of exchange or draft.
Documents Against Payment (D/P) is an arrangement under documentary collection in
which an exporter instructs the presenting bank to hand over shipping and title
documents to the importer only if the importer fully pays the accompanying bill of
exchange or draft.
Electronic transfer is a system where the authority to debit or credit an account (bank,
business or individual) is provided by wire, with or without a source document being
mailed to evidence the authority.
Financial Institutions shall refer to business organizations that offer a broad base of
financial services or specialize in specific financial functions, products, or services,
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e.g. banks, investment houses, pension funds, pawnshops, credit unions, investment
companies, insurance companies, securities brokers and dealers, stock exchanges,
mutual funds, trust corporations, leasing companies, financing companies, credit card
companies, companies engaged in foreign exchange dealership/brokerage and others
that deal in money.
Foreign Bank shall refer to a bank or banking corporation formed, organized and
existing under any foreign law.
Foreign Currency Deposit Unit (FCDU)/Expanded Foreign Currency Deposit Unit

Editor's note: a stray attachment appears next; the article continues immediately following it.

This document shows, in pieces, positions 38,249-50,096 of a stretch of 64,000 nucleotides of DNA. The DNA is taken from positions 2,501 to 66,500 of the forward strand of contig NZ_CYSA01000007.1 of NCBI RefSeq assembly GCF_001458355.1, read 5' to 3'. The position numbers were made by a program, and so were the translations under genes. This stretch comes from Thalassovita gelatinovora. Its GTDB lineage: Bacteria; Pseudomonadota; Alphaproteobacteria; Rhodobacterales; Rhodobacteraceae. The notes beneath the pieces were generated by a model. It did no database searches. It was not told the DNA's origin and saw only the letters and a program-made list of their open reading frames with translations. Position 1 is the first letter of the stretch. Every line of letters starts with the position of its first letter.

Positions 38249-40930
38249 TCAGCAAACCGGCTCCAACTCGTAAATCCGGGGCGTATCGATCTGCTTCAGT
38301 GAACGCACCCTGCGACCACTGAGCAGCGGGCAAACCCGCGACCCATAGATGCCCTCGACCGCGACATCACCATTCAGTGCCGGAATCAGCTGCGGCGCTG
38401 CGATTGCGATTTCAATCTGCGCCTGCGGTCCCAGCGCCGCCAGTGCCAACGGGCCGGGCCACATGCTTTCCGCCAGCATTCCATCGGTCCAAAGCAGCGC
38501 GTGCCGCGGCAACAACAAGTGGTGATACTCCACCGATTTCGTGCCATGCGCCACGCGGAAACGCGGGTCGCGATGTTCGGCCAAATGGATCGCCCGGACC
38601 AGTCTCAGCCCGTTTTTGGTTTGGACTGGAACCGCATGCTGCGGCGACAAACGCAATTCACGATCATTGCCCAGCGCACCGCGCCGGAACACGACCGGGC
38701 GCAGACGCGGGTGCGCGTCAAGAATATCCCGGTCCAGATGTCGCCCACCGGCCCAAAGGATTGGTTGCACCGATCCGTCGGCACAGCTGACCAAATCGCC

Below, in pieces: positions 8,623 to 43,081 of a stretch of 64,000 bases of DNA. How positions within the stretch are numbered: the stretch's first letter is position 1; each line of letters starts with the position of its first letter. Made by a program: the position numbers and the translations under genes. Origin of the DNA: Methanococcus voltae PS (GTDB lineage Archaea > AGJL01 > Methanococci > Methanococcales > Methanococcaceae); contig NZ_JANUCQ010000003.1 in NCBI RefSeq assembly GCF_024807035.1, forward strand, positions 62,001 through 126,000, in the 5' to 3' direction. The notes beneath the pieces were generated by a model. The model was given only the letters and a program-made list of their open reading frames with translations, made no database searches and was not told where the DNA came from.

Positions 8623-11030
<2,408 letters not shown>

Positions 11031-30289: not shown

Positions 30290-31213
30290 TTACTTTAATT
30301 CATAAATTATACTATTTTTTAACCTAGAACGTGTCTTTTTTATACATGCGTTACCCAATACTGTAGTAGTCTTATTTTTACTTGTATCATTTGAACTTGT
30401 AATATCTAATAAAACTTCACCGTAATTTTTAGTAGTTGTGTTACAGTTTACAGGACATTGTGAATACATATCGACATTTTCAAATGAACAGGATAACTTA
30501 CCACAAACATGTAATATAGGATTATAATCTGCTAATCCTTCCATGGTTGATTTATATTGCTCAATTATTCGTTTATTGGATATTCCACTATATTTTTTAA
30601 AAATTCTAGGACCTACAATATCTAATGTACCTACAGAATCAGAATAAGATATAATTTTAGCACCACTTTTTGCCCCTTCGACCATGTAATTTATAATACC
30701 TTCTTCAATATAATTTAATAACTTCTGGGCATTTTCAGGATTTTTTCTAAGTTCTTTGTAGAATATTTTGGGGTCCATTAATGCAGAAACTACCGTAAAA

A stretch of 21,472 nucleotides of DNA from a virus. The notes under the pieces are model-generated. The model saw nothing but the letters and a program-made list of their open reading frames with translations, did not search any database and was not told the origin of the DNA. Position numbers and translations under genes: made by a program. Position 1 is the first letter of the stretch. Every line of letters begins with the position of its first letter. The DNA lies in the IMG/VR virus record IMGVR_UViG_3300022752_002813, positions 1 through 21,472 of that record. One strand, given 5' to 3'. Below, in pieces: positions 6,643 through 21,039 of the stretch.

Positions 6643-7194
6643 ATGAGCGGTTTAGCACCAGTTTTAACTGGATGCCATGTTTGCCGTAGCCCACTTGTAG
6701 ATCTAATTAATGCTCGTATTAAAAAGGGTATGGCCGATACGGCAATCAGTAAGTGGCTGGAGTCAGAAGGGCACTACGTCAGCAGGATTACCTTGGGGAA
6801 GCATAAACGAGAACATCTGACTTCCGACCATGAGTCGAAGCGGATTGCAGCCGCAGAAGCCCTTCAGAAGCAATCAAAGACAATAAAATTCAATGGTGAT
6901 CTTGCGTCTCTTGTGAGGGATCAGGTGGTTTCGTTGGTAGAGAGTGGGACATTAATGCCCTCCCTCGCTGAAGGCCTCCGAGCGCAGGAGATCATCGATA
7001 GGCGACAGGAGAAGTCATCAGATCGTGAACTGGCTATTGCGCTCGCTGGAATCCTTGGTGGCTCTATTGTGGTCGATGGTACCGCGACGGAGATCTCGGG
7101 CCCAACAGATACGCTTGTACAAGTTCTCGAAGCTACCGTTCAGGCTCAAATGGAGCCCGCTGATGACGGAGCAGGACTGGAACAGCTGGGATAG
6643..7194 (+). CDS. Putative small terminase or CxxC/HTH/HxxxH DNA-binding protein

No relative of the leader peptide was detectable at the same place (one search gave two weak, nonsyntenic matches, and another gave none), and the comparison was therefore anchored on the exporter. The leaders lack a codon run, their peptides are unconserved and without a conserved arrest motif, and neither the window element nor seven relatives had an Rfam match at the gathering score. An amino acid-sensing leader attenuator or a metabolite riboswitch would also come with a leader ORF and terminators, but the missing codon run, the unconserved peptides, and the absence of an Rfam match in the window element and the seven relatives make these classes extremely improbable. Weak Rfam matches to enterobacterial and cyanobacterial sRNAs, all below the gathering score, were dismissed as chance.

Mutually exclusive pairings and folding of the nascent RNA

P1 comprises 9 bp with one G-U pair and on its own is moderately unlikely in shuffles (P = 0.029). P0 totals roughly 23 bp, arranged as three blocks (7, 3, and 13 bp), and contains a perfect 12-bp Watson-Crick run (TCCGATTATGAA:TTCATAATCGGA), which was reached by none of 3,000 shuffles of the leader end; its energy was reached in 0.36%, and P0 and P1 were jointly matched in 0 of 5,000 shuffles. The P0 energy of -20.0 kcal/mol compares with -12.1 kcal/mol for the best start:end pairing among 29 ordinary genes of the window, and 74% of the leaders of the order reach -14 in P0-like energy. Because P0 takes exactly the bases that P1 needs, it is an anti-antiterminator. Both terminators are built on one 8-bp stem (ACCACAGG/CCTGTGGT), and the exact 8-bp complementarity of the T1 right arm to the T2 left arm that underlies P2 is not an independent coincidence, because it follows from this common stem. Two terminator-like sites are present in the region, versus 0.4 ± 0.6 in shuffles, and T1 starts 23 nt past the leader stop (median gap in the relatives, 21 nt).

(EFCDU) shall refer to a unit of a local bank or of a local branch of a foreign bank
authorized by the BSP to engage in foreign currency-denominated transactions,
pursuant to the provisions of Republic Act No. 6426, as amended.
Foreign Currency Loans are loans denominated in currencies other than the Philippine
peso, regardless of the creditor.
Foreign Loans are loans owed to non-residents, regardless of currency denomination.
Forex Corporations, whether or not named as such, refer to entities whose business
include buying and selling of foreign exchange.
Intercompany Open Account Offset Arrangement (Interco O/A) is an arrangement
whereby the exporter offsets its payables to against its receivables from, its
parent/affiliate company abroad.
Legal Tender refers to money recognized by law as acceptable payment for debts owed
to creditors.
Letter of Credit (L/C), which gives the seller assurance that he will receive the payment
for the goods, is a binding document that a buyer can request from his bank in order to
guarantee that the payment for goods will be transferred to the seller. In order for the
payment to occur, the seller has to present the bank with the necessary shipping
documents confirming the delivery of goods within a given time frame.